Story at a glance
- People who are underweight or overweight and have had a miscarriage may be at higher risk of successive miscarriages.
- Researchers compiled data from several studies to estimate this risk.
- Underweight and overweight people have increased risk of having another miscarriage.
A new study examines the risks of successive miscarriages for people who are either underweight and overweight. The researchers looked at the data for miscarriages in pregnant people who are underweight, defined as having a body mass index (BMI) less than 18.5; and pregnant people who are overweight, defined as a BMI between 25 and 30; and obese with a BMI above 30.
The paper, published in Scientific Reports, details how the researchers reviewed previously published studies and conducted a meta-analysis, meaning they collated and analyzed data from several studies.
“Our study included sixteen studies and showed that being underweight or overweight significantly increases the risk of two consecutive pregnancy losses,” said Bonnie Ng, who is first author on the study and a MRC Fellow in Clinical and Experimental Sciences at the University of Southampton in a press release. “For those with BMI greater than 25 and 30, their risk of suffering a further miscarriage increases by 20% and 70% respectively.”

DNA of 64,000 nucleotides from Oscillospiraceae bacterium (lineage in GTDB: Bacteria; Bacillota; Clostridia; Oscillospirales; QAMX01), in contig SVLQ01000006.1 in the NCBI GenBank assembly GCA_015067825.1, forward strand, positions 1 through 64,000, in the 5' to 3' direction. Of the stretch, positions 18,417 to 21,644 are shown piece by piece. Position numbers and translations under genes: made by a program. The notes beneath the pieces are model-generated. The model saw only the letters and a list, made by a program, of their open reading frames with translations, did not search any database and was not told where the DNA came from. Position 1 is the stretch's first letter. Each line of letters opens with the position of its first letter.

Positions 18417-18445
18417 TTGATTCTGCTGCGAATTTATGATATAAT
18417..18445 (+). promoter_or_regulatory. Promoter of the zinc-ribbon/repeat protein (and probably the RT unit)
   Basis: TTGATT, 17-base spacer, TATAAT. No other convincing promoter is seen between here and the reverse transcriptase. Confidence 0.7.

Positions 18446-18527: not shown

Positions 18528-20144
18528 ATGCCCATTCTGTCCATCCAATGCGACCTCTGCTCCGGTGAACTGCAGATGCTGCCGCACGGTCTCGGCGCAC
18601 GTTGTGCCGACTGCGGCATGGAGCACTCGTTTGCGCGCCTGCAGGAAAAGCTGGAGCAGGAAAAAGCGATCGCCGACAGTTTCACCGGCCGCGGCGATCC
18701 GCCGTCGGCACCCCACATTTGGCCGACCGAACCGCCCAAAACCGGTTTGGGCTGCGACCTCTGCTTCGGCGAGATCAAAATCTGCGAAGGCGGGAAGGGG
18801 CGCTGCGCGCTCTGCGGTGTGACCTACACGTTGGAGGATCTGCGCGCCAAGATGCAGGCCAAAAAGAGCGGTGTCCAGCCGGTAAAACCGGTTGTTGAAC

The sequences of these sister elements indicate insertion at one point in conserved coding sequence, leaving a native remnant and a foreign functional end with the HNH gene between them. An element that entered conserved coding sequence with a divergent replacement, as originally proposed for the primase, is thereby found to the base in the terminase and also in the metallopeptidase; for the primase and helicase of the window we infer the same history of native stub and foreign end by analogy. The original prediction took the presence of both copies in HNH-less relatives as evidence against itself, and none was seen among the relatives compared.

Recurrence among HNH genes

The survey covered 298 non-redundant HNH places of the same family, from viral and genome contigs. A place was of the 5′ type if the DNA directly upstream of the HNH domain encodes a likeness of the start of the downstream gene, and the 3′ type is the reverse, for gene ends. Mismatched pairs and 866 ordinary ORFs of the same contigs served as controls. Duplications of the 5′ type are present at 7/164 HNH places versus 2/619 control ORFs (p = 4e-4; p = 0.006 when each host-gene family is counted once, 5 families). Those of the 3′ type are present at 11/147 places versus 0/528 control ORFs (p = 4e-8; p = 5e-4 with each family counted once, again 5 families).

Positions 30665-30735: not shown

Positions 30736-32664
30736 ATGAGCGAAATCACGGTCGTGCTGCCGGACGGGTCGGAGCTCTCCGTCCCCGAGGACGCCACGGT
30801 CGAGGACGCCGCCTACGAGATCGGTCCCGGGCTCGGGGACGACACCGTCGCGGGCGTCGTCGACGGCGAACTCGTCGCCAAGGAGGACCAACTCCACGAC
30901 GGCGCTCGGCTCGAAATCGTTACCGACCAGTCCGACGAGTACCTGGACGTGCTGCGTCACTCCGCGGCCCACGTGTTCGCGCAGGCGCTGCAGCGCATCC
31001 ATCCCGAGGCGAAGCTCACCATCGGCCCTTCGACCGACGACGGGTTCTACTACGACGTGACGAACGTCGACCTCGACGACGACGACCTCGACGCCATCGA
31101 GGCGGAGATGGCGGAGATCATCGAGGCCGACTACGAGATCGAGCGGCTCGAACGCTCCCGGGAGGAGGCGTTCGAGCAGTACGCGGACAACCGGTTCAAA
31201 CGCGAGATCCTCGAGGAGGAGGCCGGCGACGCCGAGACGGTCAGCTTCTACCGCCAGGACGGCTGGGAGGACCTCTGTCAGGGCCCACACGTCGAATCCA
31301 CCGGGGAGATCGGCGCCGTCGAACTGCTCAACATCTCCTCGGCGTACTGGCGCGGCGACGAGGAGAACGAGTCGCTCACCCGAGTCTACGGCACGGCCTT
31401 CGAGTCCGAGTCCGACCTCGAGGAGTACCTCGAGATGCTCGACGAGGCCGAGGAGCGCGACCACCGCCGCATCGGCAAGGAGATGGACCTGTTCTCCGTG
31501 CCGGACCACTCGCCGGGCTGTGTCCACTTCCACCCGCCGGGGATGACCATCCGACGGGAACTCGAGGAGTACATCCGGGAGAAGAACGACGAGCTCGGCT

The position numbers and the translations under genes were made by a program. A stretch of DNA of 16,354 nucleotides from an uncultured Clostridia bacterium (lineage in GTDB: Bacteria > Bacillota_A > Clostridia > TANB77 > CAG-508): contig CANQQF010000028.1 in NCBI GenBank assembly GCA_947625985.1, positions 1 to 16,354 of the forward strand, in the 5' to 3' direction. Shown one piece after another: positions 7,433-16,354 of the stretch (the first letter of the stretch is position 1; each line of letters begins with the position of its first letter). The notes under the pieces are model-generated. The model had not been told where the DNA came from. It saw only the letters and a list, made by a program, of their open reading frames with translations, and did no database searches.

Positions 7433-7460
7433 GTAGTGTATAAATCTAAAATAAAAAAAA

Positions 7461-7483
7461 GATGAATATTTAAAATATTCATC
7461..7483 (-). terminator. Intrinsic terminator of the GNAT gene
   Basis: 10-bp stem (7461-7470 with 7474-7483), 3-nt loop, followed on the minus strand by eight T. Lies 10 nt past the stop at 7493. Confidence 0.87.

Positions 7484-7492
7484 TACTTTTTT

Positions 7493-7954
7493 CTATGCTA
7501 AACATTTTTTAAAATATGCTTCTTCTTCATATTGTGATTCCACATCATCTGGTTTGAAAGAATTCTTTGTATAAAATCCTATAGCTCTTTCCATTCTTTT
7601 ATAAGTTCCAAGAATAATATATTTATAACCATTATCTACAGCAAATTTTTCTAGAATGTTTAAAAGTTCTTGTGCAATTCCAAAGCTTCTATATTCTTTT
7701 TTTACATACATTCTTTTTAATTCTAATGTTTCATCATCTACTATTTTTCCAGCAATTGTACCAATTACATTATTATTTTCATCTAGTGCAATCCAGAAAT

The researchers found that underweight people had increased risk of recurring pregnancy loss (RPL) compared to the general population, but did not have a greater risk compared to the rest of the RPL population. However, the study results vary and further studies are necessary.
Overall, the findings of this study suggest that having an above- or below- average BMI exacerbates a person’s risk of suffering from repeated miscarriages, and so clinicians really need to focus on helping them manage this risk factor, said Ying Cheong, Professor of Reproductive Medicine at the University of Southampton and senior author of the paper, in the press release.
The researchers state in the paper that the quality of the evidence was low or very low, suggesting the need for better, more comprehensive studies. The team also looked at other risk factors, like smoking and consumption of alcohol and drugs. However, they weren’t able to draw any conclusions because the studies were too small or there were inconsistencies in its results. The team thinks that further data collection and more large-scale studies are needed to understand the connection and risk involved.
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